Will you keep your child always inside the safety of your house? Will that allow it to have a comfortable future in this world? Most probably not. After all, it is outside our comfort zone where we stretch and grow.
The same applies to Indonesia’s agriculture. It has long been kept under an overprotective watch and it needs to venture out and learn by being exposed to the world.
While being protected, agriculture is not getting the access to inputs, know-how, and technology it needs to support higher productivity. In the Global Food Security Index of The Economist Intelligence Unit, Indonesia scores a meager 50.8 (out of 100) for access to agricultural technology, education, and resources.
The good news is that the Ministry of Agriculture has acknowledged the need for greater innovation and R&D in the sector. The government hopes this will lead to export opportunities and more business initiatives.
Our Associate Researcher Dr. Donny Pasaribu has recently published an analysis on the challenges for Australian FDI in Indonesia’s agriculture. In a country as large as Indonesia, there are more than just regulatory hurdles that turn investors away. We discussed our findings and recommendations in this webinar.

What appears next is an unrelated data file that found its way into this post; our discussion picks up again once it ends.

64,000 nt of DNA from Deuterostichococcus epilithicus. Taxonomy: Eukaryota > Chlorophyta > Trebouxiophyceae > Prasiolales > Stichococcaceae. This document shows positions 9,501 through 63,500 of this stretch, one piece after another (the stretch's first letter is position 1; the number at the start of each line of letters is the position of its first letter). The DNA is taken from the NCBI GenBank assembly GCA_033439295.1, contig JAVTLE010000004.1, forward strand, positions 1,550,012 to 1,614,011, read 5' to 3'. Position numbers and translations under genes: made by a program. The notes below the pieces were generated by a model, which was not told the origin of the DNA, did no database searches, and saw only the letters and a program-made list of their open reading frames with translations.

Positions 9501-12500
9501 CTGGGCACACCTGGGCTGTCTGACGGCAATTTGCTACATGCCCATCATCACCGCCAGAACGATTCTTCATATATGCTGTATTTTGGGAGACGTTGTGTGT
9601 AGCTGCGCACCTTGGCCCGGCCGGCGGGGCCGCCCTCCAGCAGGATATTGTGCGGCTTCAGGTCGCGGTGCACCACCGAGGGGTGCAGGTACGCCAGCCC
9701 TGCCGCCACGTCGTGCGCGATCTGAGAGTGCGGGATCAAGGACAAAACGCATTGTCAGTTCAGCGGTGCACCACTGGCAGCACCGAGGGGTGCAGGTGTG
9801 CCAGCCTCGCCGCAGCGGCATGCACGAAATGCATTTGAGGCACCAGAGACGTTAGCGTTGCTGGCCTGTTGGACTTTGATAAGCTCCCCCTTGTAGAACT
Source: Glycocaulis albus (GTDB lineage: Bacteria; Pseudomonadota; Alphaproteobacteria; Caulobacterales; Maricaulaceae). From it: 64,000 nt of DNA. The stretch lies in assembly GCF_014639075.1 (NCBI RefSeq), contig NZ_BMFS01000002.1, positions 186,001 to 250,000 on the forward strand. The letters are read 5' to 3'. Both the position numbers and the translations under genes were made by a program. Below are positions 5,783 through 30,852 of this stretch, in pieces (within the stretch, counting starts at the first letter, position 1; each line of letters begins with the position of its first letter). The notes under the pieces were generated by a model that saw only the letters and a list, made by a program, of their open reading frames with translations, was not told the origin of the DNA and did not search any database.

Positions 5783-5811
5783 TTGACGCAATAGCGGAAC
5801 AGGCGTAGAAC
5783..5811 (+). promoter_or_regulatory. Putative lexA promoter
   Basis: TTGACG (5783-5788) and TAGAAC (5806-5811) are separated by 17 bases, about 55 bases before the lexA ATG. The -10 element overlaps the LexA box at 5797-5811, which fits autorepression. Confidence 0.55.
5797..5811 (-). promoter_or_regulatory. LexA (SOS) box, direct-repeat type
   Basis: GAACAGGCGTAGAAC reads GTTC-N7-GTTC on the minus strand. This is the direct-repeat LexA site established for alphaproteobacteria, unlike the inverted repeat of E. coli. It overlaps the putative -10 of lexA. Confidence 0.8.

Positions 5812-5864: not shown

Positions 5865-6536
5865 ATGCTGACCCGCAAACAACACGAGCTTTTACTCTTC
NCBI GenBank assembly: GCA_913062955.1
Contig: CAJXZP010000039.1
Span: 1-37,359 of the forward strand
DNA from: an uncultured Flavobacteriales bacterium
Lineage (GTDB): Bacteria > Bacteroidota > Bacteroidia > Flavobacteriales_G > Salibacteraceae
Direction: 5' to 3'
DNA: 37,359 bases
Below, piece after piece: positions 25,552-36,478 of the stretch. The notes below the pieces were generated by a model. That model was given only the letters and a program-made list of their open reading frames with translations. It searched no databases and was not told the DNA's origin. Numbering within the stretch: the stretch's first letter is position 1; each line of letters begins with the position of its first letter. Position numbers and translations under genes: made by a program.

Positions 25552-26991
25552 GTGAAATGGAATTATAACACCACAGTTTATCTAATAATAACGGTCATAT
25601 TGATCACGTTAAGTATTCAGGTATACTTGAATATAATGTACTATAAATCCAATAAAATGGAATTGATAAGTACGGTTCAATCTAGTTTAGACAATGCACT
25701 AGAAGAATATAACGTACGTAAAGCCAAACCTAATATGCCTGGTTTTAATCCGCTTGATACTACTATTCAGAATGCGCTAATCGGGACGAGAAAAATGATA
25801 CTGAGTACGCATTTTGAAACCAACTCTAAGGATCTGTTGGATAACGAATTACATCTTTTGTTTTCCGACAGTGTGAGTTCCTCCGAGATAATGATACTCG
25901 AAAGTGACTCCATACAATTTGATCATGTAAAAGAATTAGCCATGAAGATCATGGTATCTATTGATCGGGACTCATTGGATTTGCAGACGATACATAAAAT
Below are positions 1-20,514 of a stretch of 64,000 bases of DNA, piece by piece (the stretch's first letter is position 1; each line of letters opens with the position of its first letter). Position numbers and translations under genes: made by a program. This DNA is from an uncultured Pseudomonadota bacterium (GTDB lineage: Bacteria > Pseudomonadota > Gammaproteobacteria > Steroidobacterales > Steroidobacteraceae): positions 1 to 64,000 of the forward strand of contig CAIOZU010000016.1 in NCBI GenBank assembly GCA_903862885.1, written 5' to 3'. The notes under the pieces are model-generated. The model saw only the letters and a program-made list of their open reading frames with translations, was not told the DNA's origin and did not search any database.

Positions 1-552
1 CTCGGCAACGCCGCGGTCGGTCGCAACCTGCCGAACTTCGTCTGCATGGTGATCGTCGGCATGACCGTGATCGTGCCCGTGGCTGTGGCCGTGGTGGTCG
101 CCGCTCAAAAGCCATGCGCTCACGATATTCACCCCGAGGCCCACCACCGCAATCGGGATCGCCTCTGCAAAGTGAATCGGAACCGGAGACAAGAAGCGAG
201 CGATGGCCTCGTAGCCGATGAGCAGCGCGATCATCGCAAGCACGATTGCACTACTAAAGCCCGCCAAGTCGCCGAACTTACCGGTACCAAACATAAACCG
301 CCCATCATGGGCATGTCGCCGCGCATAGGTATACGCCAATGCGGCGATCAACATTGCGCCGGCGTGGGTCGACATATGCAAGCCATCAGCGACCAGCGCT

CIPS will now shift its attention to farmers’ access to modern agricultural inputs such as seeds and fertilisers. We want to ensure that sorely needed agricultural inputs increase the yield on Indonesian farms. This should help to feed a growing population and also reduce further human encroachment into animal habitat.
One thing keeps coming up in our studies: In order to modernise our agriculture, policies must facilitate greater market openness and competition. It’s time for Indonesia to let go of its overprotective instincts and embrace global opportunities.
Lastly, a hearty congratulations to our Associate Researcher, Andree Surianta, for winning the Hadi Soesastro Prize 2021 by the Australian Ministry of Foreign Affairs. Together with CIPS Board Member Dr. Arianto Patunru, he recently published an analysis of Indonesia’s position in global value chains in the Journal on Southeast Asian Affairs.
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Center for Indonesian Policy Studies
Don't forget to check out and download our policy papers here. Through these papers, we present evidence-based arguments to recommend policy changes that focus on building prosperity and better livelihoods for low-income Indonesians.
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